A Theology Of Catholic Action

What is the relationship between Catholic belief and action in regards to nuclear weapons?

First, please understand that I am not a theologian, priest, spokesman for the Catholic Church, or any kind of expert on anything. To some definitions, I may not even be Catholic. This article does not seek to define Catholicism for anybody else, it only shares my own view.

The Apostle John may have expressed the Catholic perspective most concisely when he said….

God is love.

Three simple words, which could perhaps be all any serious person really needs?

God is love.

Love is an act of surrender.

Love is an action.

God is love. And love is action. Therefore God is an action.

To put it another way…

The most credible expression of our beliefs is not what we think or say, but what we do.

From this perspective, the implications for our relationship with nuclear weapons seems clear.

From this perspective, proclaiming that we oppose nuclear weapons because they are immoral is just barely a beginning.

The real question is, what are we going to do about it? How will we make our beliefs credible by taking the leap from the talking of the talk to the walking of the walk?

If God is love, and love is action…

What action will we take?

I believe the Pope’s recent speech on nuclear weapons illustrates a challenge facing the Catholic community at large on this subject, including this typist.

As you read his speech, note how the Pope’s moral clarity is sharp and right on target, but there is no call to any specific bold practical real world action. We are not asked to do anything but pray.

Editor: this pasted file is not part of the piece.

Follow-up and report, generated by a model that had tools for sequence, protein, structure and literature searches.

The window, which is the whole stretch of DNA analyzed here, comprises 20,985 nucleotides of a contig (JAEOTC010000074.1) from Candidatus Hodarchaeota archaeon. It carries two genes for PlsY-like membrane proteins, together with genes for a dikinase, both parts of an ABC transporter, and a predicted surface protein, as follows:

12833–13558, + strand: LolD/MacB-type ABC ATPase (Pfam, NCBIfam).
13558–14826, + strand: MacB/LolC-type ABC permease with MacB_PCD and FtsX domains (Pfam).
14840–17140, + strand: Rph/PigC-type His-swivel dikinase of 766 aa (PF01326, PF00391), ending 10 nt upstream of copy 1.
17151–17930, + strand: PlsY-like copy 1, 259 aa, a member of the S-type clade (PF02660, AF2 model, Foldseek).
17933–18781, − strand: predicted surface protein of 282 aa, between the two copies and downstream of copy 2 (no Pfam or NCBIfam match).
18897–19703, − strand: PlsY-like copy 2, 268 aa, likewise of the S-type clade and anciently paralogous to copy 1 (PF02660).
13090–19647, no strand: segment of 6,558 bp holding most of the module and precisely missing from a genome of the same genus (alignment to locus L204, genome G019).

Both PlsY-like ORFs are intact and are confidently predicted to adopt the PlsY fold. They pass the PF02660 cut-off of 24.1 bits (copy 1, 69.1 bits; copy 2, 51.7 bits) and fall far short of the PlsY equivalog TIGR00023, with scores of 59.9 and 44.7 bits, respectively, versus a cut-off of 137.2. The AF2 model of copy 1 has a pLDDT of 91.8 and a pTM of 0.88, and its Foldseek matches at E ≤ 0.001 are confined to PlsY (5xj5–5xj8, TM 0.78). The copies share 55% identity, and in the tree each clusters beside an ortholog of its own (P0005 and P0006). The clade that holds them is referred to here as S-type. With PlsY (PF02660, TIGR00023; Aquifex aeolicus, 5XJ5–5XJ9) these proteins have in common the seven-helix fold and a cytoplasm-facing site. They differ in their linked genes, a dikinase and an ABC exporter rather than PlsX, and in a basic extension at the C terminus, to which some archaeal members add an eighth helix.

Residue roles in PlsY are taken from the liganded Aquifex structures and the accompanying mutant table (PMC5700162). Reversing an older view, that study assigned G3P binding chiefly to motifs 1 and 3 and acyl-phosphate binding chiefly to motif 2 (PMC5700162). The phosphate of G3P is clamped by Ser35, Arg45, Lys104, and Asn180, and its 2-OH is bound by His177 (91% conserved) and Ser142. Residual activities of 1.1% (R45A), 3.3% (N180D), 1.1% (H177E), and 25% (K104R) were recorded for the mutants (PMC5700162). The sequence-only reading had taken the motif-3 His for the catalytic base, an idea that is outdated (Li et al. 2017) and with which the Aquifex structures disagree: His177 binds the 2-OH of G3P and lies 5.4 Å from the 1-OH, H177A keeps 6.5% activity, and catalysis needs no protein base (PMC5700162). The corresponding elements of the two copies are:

I’m not dismissing the power of prayer, but doesn’t it seem likely that God is most likely to help those who are already attempting to help themselves? Isn’t God’s first response to our prayer likely to be…

“Ok, but what are you already doing about this? What action have you taken?”

From the perspective of this article, Catholic doctrine on nuclear weapons becomes most credible and powerful when it is connected directly to practical real world action.

A great example of this is Catholic Charities, the 2nd leading provider of social services to the needy in the United States, topped only by the federal government. What an impressive and entirely credible statement of Catholic philosophy!

Catholic Charities is a great example of moral theory being translated in to big bold practical real world action.

I believe that a similar powerful connection between Catholic theory and action can be accomplished on a large scale in the nuclear weapons arena.

Catholics could save the world by connecting their theory to action in the form of a billion dollar a year marketing fund for amplifying the Pope’s teachings on nuclear weapons.

If we are going to do the talking of the talk on nuclear weapons, let us do so on the very largest scale that we are capable of.

The philosophy is there. A Church structure which ties a billion Catholics together is there. A billion Catholics can clearly raise a billion dollars, so the money is there too.

All that’s left is establishing a connection between the philosophy, the structure and the money. All that’s left is the conversion of the talking of the talk in to the walking of the walk.

God is love.

Love is action.

God is action.

God is what we do.